Among the nearly 100 feature length films being shown at this year’s Tribeca Film Festival in New York City are more than 20 documentaries and features with international appeal, from a film about a Congolese businessman in China, to documentaries shot in Pakistan and diaspora communities in the U.S., to a poetic look at disaffected South African youth. VOA’s Carolyn Weaver has more.
Video

Video UN Confronts Threat of Young Radicals

The radicalization and recruitment of young people into Islamist extremist groups has become a growing challenge for governments worldwide. On Thursday, the U.N. Security Council heard from experts on the issue, which has become a potent threat to international peace and security. VOA’s Margaret Besheer reports.
Video

Video Growing Numbers of Turks Discover Armenian Ancestry

In a climate of improved tolerance, growing numbers of people in Turkey are discovering their grandmothers were Armenian. Hundreds of thousands of Armenians escaped the mass deportations and slaughter of the early 1900's by forced conversion to Islam. Or, Armenian children were taken in by Turkish families and assimilated. Now their stories are increasingly being heard. Dorian Jones reports from Istanbul that the revelations are viewed as an important step.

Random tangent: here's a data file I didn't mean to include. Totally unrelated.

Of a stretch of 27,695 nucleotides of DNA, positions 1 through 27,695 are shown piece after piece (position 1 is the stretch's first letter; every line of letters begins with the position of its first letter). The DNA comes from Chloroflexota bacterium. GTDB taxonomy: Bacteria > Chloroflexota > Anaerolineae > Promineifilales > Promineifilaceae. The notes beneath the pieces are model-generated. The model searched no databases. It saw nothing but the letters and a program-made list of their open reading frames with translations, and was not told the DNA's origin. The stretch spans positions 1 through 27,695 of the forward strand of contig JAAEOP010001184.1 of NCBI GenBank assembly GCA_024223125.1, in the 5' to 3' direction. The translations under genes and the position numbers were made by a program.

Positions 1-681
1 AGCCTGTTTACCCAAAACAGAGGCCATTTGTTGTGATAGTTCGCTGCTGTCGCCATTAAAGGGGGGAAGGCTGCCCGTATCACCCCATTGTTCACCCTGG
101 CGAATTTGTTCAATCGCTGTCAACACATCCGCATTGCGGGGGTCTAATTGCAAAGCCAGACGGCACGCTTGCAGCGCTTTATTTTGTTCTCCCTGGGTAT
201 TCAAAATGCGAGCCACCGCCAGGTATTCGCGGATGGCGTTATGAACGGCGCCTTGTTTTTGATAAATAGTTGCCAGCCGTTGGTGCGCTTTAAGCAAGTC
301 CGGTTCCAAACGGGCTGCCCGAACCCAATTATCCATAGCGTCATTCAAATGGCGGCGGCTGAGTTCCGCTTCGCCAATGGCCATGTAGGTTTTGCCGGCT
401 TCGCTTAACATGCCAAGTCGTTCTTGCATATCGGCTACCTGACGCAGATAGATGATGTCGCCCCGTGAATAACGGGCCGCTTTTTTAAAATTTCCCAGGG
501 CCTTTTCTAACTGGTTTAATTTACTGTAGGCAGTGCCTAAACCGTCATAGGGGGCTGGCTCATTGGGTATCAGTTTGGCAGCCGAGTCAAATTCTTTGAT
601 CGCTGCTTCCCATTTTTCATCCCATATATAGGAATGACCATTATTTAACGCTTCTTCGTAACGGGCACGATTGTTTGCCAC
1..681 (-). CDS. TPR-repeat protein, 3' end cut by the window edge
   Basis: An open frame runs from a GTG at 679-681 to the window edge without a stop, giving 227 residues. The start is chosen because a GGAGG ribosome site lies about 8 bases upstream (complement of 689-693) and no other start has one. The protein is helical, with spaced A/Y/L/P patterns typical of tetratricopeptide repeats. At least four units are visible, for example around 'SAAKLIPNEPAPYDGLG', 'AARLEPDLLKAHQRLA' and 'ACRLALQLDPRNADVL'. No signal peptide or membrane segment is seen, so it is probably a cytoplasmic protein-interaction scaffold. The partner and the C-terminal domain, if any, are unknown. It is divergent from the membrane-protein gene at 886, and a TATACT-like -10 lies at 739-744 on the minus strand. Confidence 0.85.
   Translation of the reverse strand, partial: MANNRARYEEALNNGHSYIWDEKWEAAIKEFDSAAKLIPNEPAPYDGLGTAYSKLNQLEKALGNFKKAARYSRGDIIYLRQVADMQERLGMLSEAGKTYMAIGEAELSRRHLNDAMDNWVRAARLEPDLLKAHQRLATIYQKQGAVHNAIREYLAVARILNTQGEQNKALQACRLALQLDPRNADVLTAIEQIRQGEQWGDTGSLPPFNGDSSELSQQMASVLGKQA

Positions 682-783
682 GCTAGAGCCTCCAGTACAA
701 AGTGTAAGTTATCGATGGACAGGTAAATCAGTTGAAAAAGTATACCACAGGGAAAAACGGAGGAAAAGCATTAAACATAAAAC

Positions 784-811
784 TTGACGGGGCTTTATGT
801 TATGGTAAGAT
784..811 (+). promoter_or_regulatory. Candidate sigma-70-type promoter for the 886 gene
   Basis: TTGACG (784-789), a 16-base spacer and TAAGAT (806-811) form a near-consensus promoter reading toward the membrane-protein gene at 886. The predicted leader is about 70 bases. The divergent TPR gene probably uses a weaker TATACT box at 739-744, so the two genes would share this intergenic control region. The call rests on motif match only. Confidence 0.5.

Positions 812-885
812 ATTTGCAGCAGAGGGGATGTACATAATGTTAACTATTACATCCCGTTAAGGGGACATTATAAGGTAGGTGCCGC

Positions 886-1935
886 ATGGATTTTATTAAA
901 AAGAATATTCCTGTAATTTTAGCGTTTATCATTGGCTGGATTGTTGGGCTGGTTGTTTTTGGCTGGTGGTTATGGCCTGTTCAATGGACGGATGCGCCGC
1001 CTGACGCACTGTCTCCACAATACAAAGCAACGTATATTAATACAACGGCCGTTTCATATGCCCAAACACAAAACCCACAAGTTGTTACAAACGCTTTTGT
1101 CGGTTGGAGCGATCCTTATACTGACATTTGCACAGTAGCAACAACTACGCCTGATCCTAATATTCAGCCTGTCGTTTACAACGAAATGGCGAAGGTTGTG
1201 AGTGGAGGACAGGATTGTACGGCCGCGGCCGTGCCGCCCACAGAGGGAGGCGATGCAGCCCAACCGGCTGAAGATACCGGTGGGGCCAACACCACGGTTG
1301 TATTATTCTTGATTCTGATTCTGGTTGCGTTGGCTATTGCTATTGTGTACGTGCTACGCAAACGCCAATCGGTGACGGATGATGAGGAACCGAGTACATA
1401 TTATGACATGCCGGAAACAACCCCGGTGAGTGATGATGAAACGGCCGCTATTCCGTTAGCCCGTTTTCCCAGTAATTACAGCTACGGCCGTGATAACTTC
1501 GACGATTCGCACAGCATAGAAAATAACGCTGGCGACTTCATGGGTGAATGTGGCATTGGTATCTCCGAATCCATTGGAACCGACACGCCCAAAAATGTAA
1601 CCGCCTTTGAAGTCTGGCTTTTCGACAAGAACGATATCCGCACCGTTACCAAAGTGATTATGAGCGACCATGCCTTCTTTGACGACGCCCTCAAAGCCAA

Video

Video Migrants Trek Through Western Balkans to Reach EU

Migrants from Africa and other places are finding different routes into the European Union in search of a better life. The Associated Press followed one clandestine group to document their trek through the western Balkans to Hungary. Zlatica Hoke reports that the migrants started using that route about four years ago. Since then, it has become the second-most popular path into Western Europe, after the option of sailing from North Africa to Italy.
Video

Video TIME Magazine Honors Activists, Pioneers Seen as Influential

TIME Magazine has released its list of celebrities, leaders and activists, whom it deems the world’s “most influential” in 2015. VOA's Ramon Taylor reports from New York.
Video

Video US Businesses See Cuba as New Frontier

The Obama administration's opening toward Cuba is giving U.S. companies hope they'll be able to do business in Cuba despite the continuation of the U.S. economic embargo against the communist nation. Some American companies have been able to export some products to Cuba, but the recent lifting of Cuba's terrorism designation could relax other restrictions. As VOA's Daniela Schrier reports, corporate heavy hitters are lining up to head across the Florida Straits - though experts urge caution.